Coronavirus crisis: Real Madrid players, coaches agree to reduce salaries
Real Madrid’s playing and coaching staff have voluntarily agreed to take a wage cut of between 10 and 20 percent this year to help the club deal with the stoppage caused by the coronavirus outbreak, the La Liga side said in a statement on Wednesday. The club said the exact amount would “depend on the circumstances that may affect the closing of the current 2019/20 sports season.” Club directors have also agreed to a wage cut as have members of its basketball team, it said.
The club said the move followed negotiations between the team captains — Sergio Ramos for the senior soccer side — and club directors. It said the decision would save having to cut the wages of other employees. Spain has been badly hit by the coronavirus outbreak with a death toll of 14,555. La Liga, as with most football around the world, is currently suspended and it is not known when, or even if, the season will re-start.
“This decision, taken by players, coaches and employees, avoids traumatic measures that affect the rest of the workers,” said the statement. It said it would also help deal with “the reduction in income that the club is suffering these months as a result of the suspension of competitions and the paralysis of a large part of its commercial activities.”
The players at Barcelona and Atletico Madrid have also taken pay cuts and La Liga has asked other clubs to follow suit. The Spanish sports daily Marca said that a 10 percent cut would save the club around 50 million euros.
Wales rugby players agree to 25% pay cut
Wales’ top rugby players will take a 25% pay cut after the Professional Rugby Board (PRB) said on Wednesday it had reached an agreement with the Welsh Rugby Players’ Association (WRPA) to reduce salaries during the coronavirus crisis.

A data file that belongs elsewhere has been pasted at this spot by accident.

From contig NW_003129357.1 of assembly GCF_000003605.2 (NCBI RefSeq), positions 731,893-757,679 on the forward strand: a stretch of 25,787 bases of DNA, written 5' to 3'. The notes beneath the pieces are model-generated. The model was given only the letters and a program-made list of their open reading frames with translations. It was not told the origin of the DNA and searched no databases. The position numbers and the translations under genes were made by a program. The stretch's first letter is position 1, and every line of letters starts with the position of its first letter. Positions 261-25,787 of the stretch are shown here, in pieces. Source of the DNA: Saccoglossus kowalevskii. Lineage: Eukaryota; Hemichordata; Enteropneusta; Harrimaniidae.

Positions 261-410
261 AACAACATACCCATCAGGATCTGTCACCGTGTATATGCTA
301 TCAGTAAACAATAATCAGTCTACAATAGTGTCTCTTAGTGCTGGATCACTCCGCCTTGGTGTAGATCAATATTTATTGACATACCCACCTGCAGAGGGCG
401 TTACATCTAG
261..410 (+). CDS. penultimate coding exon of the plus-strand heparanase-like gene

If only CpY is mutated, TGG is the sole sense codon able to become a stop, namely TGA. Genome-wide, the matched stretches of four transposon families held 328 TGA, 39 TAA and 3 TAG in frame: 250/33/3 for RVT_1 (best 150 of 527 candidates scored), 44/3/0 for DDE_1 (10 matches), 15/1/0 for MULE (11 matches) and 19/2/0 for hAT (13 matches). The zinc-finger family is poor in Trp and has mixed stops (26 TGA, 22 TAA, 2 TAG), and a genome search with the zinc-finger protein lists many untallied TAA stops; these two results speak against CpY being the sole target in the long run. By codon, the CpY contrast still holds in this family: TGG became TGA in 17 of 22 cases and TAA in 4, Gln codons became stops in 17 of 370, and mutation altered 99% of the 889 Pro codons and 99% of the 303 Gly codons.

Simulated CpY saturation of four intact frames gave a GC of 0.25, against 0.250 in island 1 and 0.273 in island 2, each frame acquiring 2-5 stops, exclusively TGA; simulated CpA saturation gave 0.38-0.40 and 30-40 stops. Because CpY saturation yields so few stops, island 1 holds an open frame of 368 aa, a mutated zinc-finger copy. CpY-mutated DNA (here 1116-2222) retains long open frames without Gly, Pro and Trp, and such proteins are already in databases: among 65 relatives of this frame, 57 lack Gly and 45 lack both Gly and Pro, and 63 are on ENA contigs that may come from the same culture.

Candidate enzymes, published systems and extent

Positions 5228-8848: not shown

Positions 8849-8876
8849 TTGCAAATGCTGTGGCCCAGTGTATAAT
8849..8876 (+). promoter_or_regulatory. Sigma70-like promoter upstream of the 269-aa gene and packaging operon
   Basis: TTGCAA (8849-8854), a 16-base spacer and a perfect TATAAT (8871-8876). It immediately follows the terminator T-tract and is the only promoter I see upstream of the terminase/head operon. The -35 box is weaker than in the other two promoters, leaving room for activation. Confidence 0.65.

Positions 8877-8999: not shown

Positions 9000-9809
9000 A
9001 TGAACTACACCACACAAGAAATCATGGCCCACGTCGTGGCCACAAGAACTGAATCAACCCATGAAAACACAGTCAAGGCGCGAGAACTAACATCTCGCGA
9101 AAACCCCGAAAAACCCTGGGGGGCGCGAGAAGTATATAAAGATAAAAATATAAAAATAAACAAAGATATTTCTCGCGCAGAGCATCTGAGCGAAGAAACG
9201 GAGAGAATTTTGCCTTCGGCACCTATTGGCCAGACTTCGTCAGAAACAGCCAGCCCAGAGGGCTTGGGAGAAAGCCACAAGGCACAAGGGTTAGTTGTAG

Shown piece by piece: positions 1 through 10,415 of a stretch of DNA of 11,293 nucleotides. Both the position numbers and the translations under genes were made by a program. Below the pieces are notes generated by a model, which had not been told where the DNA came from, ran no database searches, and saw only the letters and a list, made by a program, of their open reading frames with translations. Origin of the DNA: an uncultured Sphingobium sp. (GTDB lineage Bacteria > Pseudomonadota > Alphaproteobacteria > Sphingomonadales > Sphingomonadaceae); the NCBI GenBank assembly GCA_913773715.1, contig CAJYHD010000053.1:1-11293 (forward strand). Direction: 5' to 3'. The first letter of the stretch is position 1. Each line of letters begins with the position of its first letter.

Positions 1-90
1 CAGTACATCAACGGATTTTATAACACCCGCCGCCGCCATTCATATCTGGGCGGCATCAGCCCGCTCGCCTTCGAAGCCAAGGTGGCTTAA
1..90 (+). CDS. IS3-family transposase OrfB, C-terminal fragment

The PRB, which represents the Welsh Rugby Union (WRU) and the four professional regional teams — Cardiff Blues, Dragons, Ospreys and Scarlets — said the cut will not apply to players who earn less than 25,000 pounds ($30,967) a year.
The salary reduction will be effective from April 1 and will run for three months as the sport grapples with the financial impact of the pandemic, which forced the WRU to cancel the season in the country.
“For our professional players in particular, this has been a really tough decision,” Amanda Blanc, the independent chair of the PRB, said in a statement. “They are at the very sharp end of our business, but they are also our biggest cost.
“But they are in the midst of short careers, many in the prime of those careers and we are asking them to make a financial sacrifice that they won’t have planned for.
“We explored a range of options, including deferment of pay, but have agreed on a reduction once all the relevant information and scenarios were considered.”
The WRU said last week that chief executive Martyn Phillips and Wales head coach Wayne Pivac would both take a 25% pay cut while other staff members would take pay cuts of either 25% or 10% as part of the cost-cutting measures.
WRPA CEO Barry Cawte applauded the players for taking such a measure during “extraordinary times” and confirmed its staff would also be taking a similar pay cut.
“The players are well aware that sacrifices are being made across the country and are keen to do their bit so that rugby will be ready to go when this crisis passes,” Cawte said.
“I can only say how proud I am of our members who from the beginning expressed a desire to do whatever was needed to help protect the game and their colleagues.”